Fund Library Q&A with Gordon Pape

Fund Library Q&A with Gordon Pape

Post-retirement CPP contributions, outlook for T-bill ETF


Let’s go back to the inbox this week to see what questions are on readers’ minds.

Paying CPP after retirement

Q – I retired in June of 2021 from SAIT Polytechnic and started collecting CPP in August of 2022 after turning 62 in July. I’ve since returned to work with SAIT on a 10-month contract. As a result, I’m contributing to CPP again, approximately $510 per month. Does this eventually top up my CPP a bit? Or should I not be contributing to CPP? – Tom B.

A – It used to be that when you retired, that was it for CPP contributions. That changed in 2012 when the post-retirement benefit (PRB) was launched.

The plan requires that people aged 60 to 65 who work while receiving a CPP retirement pension continue to make contributions, which employers must match. Those aged 65 to 70 can choose whether or not they want to contribute.

The calculation of the benefit is complicated. It’s based on the amount of your earnings and contributions the previous year and your age as of Jan. 1 of the year the post-retirement benefit starts. Service Canada says the maximum PRB amount is equal to 2.5% (1/40th) of the maximum CPP retirement pension. This is because the post-retirement benefit is generated by a single year’s contributions, rather than all the contributions made from age 18 until a person started collecting the pension.

As an illustration, the Service Canada website shows a maximum PRB for a 65-year-old to be $40.25in 2023.

You can get an estimate of your Post-Retirement Benefit amount by using the Canadian Retirement Income Calculator.

What’s in store for this T-Bill fund?

Q – Several months ago, based on the suggestion you gave, I decided to invest in UBIL.U-T. I decided to do that with the hope that I could preserve the capital if and when the market went down. So far, I’ve lost very little. But I am concerned about the future given the turbulence in the bond market. What are your thoughts about UBIL.U in the near – and long-term – future given current market conditions? Thanks. – Robert P.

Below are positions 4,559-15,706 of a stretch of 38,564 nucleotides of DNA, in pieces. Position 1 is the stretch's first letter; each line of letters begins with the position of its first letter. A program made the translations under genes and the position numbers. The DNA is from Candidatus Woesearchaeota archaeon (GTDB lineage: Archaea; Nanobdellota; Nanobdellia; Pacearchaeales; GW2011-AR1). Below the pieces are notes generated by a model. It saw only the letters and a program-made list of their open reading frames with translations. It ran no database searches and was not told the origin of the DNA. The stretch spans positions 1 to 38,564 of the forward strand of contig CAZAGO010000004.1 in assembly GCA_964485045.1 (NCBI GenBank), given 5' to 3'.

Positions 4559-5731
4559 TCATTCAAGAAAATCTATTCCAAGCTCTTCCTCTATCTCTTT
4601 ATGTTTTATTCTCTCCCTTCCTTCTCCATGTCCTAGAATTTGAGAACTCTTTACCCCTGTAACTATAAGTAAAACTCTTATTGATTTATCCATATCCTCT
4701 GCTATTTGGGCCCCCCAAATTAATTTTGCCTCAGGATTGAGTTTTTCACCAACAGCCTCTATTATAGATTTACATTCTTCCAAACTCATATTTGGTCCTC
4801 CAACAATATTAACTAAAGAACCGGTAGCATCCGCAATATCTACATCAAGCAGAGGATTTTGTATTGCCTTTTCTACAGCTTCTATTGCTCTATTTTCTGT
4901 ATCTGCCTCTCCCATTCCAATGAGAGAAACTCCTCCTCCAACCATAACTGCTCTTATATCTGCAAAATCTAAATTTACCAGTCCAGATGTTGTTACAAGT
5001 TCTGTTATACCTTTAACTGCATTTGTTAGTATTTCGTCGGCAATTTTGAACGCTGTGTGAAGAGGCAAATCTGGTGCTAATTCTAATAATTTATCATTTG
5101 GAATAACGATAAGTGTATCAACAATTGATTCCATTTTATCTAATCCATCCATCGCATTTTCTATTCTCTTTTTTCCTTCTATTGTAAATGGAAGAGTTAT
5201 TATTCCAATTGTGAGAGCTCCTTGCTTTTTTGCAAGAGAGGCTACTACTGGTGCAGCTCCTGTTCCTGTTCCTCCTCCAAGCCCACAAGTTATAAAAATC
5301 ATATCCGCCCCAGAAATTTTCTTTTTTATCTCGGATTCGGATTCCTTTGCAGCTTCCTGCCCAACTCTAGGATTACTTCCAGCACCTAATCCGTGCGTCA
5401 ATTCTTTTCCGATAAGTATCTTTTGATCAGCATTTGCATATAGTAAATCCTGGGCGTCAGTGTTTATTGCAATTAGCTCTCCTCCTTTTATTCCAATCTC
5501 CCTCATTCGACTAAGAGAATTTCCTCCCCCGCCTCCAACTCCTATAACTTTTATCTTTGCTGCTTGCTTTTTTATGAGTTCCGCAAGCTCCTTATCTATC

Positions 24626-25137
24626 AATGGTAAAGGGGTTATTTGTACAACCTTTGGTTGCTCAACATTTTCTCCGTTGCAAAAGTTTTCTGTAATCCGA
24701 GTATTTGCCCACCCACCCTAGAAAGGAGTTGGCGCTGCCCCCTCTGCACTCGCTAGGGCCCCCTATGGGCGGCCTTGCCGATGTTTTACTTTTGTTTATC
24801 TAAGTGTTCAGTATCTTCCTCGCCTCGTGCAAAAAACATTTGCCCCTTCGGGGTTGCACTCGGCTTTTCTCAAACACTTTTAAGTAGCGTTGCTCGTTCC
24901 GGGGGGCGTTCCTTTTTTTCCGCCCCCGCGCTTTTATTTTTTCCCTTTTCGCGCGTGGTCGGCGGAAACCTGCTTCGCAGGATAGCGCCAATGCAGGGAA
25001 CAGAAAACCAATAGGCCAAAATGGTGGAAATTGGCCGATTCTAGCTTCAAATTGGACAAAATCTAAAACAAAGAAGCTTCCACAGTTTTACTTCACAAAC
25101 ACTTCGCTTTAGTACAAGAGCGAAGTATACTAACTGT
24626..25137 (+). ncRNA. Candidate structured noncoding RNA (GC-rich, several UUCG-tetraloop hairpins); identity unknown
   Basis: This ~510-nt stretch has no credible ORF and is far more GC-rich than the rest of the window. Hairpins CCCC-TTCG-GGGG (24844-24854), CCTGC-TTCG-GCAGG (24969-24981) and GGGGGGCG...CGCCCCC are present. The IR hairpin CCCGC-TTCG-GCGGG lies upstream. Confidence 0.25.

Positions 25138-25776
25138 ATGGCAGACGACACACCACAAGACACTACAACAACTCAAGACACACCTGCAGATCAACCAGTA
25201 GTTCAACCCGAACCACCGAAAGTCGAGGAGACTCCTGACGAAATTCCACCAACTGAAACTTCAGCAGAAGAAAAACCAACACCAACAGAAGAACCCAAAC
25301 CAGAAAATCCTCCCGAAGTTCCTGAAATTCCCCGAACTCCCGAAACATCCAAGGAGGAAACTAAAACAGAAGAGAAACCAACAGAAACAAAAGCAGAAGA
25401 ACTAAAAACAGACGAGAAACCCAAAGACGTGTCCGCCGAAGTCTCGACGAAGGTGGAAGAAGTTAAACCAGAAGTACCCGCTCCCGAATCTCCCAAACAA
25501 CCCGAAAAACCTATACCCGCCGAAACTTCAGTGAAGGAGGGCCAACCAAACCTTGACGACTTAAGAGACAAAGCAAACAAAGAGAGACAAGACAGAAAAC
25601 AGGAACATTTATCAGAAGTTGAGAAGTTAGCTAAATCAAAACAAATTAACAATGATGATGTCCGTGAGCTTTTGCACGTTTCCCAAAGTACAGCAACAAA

A – UBIL.U is the trading symbol for Horizons 0-3 Month US T-Bill ETF. It invests in short-term U.S. Treasury Bills, one of the safest forms of investments in the world. However, that doesn’t mean it’s completely risk-free. Nothing is.

The units trade on the TSX within a tight range that so far in the past 52 weeks has varied from a high of $50.31 to a low of $47.99. Based on those numbers, there is a potential for a fractional capital loss, depending on the time of purchase. But many investors don’t seem to care about that. They look at the current yield (7.7%), based on the November distribution of $0.31987 per unit), and that’s all they need to know.

But there are some reasons to be wary. For starters, the monthly payments have varied considerably since the fund started trading last spring, ranging from a high of over $0.40 to a low of $0.27. This makes it problematic to project yields based on a single month’s distributions, especially when we don’t even have a full year with which to work.

Also, the fund has a short history. It’s well-suited for the current interest rate climate, but what will happen when rates start to fall, and the fund’s yield declines? Will investors rush to dump their units? If so, what will be the effect on the market price?

We have no answers to those questions. We do know that there is little appetite for more rate hikes and that an easing by the central banks is likely in 2024. The Federal Reserve Board recently signaled the possibility of three cuts in the coming year. When that happens, this and other comparable funds will be put to the test.

If you have a money question, send it to and write Fund Library Question in the subject line. Sorry, I can’t guarantee a personal response, but I’ll answer as many questions as possible here.

Gordon Pape is one of Canada’s best-known personal finance commentators and investment experts. He is the publisher of The Internet Wealth Builder and The Income Investor newsletters, which are available through the Building Wealth website.

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Notes and Disclaimer

Content © 2024 by Gordon Pape Enterprises. All rights reserved. Reprinted with permission. The foregoing is for general information purposes only and is the opinion of the writer. Securities mentioned carry risk of loss, and no guarantee of performance is made or implied. This information is not intended to provide specific personalized advice including, without limitation, investment, financial, legal, accounting, or tax advice. Always seek advice from your own financial advisor before making investment decisions.